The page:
Popular betting apps like FanDuel and DraftKings support the proposition, while some indigenous tribes like the San Manuel Band of Mission Indians and the Federated Indians of Graton Rancheria oppose it, spending millions in contributions. 

This proposition is the most expensive on the ballot in terms of contributions, with over $169 million supporting it and $234 million opposing it. 

Voting “yes” would mean Native American tribes or gambling companies could offer online sports betting on non tribal lands in California. It would also require a new state enforcement to regulate online sports betting. 

Voting “no” would mean sports betting would continue to be illegal in California.

Many Fresno State students are opposed to both propositions, but City of Fresno Mayor Jerry Dyer is in support of Proposition 27.

Dyer and other mayors across the state aim to legalize and then tax sports gambling. 

Dyer said the city has focused on housing and people experiencing homelessness. They have been able to do that with a surplus of money from the state, but he’s continuing to look for more sustainable funding and said online sports betting may be the solution. 

“We know this is occurring underground, and it is time for us in local government to be able to take advantage of those revenues,” Dyer told ABC30. “These dollars are sorely needed so that we can address all the issues that impact homelessness.”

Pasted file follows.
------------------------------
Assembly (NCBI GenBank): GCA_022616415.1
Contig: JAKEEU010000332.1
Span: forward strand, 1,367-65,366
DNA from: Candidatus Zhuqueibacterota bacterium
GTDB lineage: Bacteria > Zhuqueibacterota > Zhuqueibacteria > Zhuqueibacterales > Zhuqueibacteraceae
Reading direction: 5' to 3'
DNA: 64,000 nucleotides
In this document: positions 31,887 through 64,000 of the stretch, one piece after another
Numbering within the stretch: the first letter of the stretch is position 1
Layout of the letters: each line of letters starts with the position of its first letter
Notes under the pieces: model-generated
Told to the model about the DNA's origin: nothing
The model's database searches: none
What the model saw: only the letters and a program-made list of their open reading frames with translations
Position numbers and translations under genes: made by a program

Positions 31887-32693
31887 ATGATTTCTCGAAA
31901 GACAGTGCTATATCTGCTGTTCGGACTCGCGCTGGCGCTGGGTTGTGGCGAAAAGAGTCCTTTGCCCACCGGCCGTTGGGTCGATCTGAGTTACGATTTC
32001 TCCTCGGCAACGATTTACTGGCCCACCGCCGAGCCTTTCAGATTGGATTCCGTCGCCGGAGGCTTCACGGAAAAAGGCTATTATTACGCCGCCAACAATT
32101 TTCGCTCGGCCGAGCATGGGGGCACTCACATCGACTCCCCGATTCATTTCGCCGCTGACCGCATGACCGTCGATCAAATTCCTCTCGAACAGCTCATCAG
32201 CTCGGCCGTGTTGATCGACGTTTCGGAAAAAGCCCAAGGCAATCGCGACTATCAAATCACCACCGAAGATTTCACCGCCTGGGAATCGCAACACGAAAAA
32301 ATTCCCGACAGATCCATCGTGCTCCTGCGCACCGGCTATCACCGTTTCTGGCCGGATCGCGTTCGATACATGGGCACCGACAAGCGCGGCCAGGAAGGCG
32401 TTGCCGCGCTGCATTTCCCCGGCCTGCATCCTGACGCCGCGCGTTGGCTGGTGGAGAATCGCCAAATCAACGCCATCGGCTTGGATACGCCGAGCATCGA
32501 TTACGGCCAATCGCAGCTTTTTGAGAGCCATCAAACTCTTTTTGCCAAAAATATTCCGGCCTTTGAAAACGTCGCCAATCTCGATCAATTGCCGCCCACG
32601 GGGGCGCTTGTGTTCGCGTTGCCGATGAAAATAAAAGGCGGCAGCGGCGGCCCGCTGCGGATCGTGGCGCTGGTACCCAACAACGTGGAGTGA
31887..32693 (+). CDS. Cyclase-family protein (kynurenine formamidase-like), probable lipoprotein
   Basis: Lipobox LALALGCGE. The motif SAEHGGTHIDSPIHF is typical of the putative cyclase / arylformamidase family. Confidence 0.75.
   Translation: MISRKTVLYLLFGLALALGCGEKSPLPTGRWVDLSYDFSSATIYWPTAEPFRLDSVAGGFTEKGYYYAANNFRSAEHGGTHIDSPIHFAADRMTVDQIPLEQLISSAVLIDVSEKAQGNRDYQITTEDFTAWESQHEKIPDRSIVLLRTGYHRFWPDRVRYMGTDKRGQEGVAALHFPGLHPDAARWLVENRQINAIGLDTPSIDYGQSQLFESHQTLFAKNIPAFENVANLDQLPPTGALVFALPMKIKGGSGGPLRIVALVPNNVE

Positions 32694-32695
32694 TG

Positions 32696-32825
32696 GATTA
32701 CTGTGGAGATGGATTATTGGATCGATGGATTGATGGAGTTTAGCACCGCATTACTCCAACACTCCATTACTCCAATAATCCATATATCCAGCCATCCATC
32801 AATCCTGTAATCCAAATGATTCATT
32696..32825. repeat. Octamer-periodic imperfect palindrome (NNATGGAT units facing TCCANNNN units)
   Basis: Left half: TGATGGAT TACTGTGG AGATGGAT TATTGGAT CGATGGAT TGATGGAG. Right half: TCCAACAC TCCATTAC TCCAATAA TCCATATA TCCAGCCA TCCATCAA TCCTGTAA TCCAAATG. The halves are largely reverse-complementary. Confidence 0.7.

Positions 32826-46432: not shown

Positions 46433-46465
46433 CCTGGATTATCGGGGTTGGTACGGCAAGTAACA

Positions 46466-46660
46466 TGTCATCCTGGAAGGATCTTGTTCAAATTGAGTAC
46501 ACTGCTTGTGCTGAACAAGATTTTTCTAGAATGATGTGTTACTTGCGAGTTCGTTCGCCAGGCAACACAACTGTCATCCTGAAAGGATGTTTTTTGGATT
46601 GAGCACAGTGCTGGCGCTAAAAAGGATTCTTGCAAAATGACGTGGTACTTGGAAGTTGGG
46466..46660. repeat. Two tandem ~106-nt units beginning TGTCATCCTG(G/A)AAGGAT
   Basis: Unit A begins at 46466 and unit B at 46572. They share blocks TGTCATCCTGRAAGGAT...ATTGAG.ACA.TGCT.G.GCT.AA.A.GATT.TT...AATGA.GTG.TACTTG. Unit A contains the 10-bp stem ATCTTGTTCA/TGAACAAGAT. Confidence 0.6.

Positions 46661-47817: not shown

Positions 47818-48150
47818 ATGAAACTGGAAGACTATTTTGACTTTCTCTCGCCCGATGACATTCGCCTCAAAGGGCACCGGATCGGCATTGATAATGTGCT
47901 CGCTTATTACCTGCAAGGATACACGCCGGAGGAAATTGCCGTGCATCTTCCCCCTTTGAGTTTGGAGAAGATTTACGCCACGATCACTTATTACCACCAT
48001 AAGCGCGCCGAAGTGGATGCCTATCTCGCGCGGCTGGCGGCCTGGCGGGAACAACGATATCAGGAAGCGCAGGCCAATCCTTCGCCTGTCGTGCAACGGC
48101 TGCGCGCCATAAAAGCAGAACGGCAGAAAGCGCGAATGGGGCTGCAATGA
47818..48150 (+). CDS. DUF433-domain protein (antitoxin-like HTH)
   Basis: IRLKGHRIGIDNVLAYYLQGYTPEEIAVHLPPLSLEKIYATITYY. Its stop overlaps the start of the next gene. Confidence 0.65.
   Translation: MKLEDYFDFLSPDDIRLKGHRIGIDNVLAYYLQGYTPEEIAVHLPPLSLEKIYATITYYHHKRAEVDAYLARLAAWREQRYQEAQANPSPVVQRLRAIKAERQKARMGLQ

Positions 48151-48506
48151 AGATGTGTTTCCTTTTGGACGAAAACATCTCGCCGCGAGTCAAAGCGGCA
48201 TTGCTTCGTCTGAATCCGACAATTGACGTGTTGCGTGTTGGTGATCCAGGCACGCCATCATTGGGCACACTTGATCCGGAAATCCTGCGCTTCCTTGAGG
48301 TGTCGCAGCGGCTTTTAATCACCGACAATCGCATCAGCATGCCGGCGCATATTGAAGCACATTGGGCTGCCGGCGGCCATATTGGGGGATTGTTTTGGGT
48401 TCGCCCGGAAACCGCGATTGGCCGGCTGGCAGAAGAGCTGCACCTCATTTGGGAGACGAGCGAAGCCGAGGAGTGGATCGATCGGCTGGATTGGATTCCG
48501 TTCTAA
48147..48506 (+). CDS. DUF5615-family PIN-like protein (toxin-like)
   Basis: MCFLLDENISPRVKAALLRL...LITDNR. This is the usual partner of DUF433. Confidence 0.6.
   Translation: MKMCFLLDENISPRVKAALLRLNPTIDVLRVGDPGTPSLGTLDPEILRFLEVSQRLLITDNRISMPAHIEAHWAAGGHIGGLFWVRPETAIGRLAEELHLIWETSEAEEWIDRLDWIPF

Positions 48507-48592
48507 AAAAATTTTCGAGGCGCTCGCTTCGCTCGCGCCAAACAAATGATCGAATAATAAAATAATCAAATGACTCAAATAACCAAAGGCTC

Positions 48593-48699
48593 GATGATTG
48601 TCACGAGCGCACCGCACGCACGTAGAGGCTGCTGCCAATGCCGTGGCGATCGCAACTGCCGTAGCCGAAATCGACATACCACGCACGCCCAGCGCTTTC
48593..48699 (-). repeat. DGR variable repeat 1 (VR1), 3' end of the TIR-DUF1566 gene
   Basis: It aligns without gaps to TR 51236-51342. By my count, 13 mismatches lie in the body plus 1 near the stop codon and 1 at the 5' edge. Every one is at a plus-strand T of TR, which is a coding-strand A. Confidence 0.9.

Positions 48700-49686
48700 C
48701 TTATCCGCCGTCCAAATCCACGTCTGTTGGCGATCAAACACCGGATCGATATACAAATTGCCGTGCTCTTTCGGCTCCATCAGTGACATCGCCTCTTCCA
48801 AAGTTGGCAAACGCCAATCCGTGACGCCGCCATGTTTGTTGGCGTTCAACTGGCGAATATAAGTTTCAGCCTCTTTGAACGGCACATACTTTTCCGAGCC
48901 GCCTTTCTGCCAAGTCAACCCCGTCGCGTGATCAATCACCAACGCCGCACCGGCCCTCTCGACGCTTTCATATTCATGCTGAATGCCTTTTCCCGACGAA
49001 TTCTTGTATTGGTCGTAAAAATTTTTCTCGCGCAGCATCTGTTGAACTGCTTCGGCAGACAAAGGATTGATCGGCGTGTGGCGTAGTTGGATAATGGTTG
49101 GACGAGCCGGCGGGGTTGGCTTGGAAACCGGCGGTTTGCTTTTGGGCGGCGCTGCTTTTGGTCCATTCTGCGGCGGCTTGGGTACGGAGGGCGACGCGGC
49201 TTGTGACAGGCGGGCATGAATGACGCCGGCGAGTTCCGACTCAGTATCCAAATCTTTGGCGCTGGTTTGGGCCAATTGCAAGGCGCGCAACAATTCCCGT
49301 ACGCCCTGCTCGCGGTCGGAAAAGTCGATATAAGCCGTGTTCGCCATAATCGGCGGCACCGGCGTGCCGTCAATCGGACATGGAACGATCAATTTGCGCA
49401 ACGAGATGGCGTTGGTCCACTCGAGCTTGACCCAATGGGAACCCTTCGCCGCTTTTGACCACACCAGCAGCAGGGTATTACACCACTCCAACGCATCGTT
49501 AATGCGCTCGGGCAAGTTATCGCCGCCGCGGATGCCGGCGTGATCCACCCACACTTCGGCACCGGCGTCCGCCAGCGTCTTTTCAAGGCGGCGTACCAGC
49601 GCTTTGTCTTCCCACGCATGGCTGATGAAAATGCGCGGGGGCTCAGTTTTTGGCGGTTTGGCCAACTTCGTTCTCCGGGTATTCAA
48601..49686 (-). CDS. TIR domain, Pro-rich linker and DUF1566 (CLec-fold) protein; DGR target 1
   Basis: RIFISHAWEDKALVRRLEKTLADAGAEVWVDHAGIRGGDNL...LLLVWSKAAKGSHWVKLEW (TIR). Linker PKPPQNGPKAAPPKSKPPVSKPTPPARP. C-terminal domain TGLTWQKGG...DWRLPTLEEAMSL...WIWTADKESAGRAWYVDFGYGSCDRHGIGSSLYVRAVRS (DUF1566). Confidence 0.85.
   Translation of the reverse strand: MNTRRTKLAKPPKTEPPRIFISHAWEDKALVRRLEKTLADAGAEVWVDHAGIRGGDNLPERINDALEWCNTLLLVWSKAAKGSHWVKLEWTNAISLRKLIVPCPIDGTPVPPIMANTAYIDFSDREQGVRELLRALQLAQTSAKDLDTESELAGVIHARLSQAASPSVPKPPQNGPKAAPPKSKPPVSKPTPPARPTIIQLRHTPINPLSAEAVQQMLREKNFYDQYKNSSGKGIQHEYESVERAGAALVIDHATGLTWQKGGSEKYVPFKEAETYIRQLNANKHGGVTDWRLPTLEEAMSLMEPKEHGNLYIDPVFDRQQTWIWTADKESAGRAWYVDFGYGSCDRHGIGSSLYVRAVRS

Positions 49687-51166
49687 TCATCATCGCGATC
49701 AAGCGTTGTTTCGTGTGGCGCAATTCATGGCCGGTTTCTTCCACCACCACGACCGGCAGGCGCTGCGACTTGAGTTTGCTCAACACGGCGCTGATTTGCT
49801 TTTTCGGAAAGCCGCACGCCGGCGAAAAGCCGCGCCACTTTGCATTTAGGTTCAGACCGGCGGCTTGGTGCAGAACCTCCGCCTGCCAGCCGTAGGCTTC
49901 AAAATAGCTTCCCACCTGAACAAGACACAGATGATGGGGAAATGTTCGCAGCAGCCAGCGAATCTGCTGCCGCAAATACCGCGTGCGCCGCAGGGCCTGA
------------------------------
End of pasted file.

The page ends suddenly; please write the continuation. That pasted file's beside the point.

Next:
Dyer said the revenue could be “substantial” for interim housing. Legalizing sports betting will guarantee a funding source for years to come which allows the city to address its homeless issues, according to Dyer. 

Some Fresno State students are opposed to Proposition 27, with many believing that the legalization would expose underaged children to online gambling and turn every electronic device into a potential gambling device. 

Fresno State criminology student Alexxandria Bottoms emphasized how highly addictive gambling is and said the severity is much higher online than in person. 

“It is stated [in] Prop. 27 that online gamblers are five times more likely to develop an addiction. This form of gambling will provide easy access and be more attractive to our youth, not to mention it lacks fundamental safeguards to prevent underage children from gambling access,” Bottoms said. 

Fellow criminology student Martha Mendoza noted that the city can find another means to raise funds for homelessness rather than resorting to sports gambling. 

“If we want to fund housing and services for homelessness it should be done through a different path, not through gambling revenue like Prop 27 is proposing since homelessness can result from having a gambling addiction alongside or without other factors,” Mendoza said. 

Bottoms shared similar regards to finding a different solution for homlessness. California has already spent over $50 million on Fresno’s homeless issues, she said. 

“If $50 million could not put a dent in helping find a solution, I surely do think this would [not] provide any help either. This would create more of a problem as people are more inclined to become bankrupt, lose savings [and] houses… from placing bets with online gambling,” Bottoms said.